Geoscientist and artist Sian Proctor, 51, made history in September as a member of the first all-civilian orbital spaceflight, SpaceX’s Inspiration4 mission, and as the first African American woman to pilot a spacecraft. She lives in Tempe, Ariz.
Women couldn’t be fighter pilots until the mid-’90s. But nobody ever told me that I couldn’t. In fact, my dad encouraged me. He took me to the model shop to pick out the planes that I wanted to build. And he’s the one who found the Civil Air Patrol for me to become a member when I was a kid. So he was very supportive of me following this dream and this passion and never was like, You know, this might be a hard thing to achieve. It was the complete opposite. But I got glasses when I was a teenager. And you weren’t going to be able to be a military aviator if you wore glasses. So that kind of ended that whole career path for me. And that’s when I really focused on becoming a scientist.
So you probably didn’t think you would end up going to space at 51.
No. It’s been kind of like a roller-coaster ride. You know, a lot of times, in your 40s, 50s and 60s, you think the best part of your life has already passed you by. But that’s not the case. You know: Fabulous 50s. Amazing 60s. I mean, there are things that are achievable and real, if you engage in lifelong learning and make opportunities for yourself and set fun goals.
After I got my PhD, I really wanted to gift myself something special, so I said: I’m going to go get my pilot’s license. Then, at 38, somebody sent me an email saying, NASA’s looking for astronauts, you should apply. I had no idea how they even selected astronauts. And when I looked at the qualifications and was, like, Wow, I actually meet most of these qualifications. I had to kind of mentally talk myself into applying — I struggle with impostor syndrome. But I did. And I got down to being a finalist. It was literally a year-long process to get to that yes/no phone call. And that no was kind of crushing. Because, like, uh, I got so close to my childhood dream.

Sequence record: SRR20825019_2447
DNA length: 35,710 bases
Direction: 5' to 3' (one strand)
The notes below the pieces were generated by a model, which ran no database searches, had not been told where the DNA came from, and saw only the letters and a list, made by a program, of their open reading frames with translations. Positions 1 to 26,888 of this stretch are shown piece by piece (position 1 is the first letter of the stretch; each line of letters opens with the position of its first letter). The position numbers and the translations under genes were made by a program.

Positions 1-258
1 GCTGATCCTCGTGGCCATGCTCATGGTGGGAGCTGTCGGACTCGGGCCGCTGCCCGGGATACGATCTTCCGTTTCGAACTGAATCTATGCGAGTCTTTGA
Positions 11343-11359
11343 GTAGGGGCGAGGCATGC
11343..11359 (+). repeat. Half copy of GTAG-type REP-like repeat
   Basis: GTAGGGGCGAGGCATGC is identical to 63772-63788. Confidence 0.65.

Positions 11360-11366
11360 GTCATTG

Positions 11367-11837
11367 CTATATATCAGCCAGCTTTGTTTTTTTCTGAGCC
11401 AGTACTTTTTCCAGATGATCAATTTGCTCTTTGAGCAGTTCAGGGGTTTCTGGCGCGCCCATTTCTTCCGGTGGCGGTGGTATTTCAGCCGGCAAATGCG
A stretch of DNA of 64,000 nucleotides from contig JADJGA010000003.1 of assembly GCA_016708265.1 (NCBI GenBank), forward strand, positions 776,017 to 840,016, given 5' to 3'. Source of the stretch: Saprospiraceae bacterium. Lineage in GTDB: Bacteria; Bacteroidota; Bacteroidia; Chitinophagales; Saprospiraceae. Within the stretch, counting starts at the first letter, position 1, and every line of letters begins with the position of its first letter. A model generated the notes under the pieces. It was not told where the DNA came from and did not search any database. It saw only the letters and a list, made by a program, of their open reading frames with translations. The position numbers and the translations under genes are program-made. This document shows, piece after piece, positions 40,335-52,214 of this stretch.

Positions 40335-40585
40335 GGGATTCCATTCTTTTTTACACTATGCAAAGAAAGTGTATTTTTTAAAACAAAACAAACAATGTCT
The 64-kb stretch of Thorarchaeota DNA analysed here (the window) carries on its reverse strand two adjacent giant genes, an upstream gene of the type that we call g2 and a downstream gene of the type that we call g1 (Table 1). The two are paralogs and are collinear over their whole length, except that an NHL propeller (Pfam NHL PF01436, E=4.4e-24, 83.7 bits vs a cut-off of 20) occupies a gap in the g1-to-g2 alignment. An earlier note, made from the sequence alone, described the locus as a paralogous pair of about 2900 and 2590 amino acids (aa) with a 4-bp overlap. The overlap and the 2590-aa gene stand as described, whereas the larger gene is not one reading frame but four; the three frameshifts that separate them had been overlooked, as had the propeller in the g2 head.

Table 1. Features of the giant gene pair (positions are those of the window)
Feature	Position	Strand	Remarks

So I kind of got really sad. But I thought: Okay, I’ll make myself better for the next round. I enrolled into a space studies program. I told myself I was going to get my instrument rating. I was going to get my advanced scuba and all of these things. But I was driving myself crazy. So I just had to stop and say: Whoa, just go back to living my life. And that’s when I learned about becoming an analog astronaut living in moon and Mars simulations. A friend of mine said, “Hey, NASA’s looking for people to go live in this new Mars simulation in Hawaii to investigate food” — and I’m a foodie! So I applied and ended up living in the HI-SEAS habitat for four months and becoming an analog astronaut. It was really fulfilling because I was, like, okay, if I’m not going to go to space, then I’m going to advance human spaceflight here on Earth in my own little way.
Then the last astronaut selection announcement that came out two years ago, just before covid — I was 49, I think, when that came out. A lot of people asked me, “Are you going to apply?” And I was, like, “No, my time has passed for NASA. I’m just too old.” I said, “Maybe one day I’ll be able to go up on commercial space.” But in my mind, that was a decade off. Not realizing it was right around the corner.
You knew a lot about NASA and its training, infrastructure, but going up on the first fully civilian astronaut mission, did you have misgivings?
No. I think I’ve always kind of been “Jump in head first and let’s figure it out along the way.” So for me, it was pure joy, excitement and gratitude from the beginning. Because here I was about to turn 51 and just like, Okay, let’s do this. Because an opportunity like this comes along once in a lifetime. And the fact that it happened, that this dream came true — I had been chasing it my entire life. So I was all-in.
Commercial space flight is a completely different model. What do you see as some of the benefits and the drawbacks?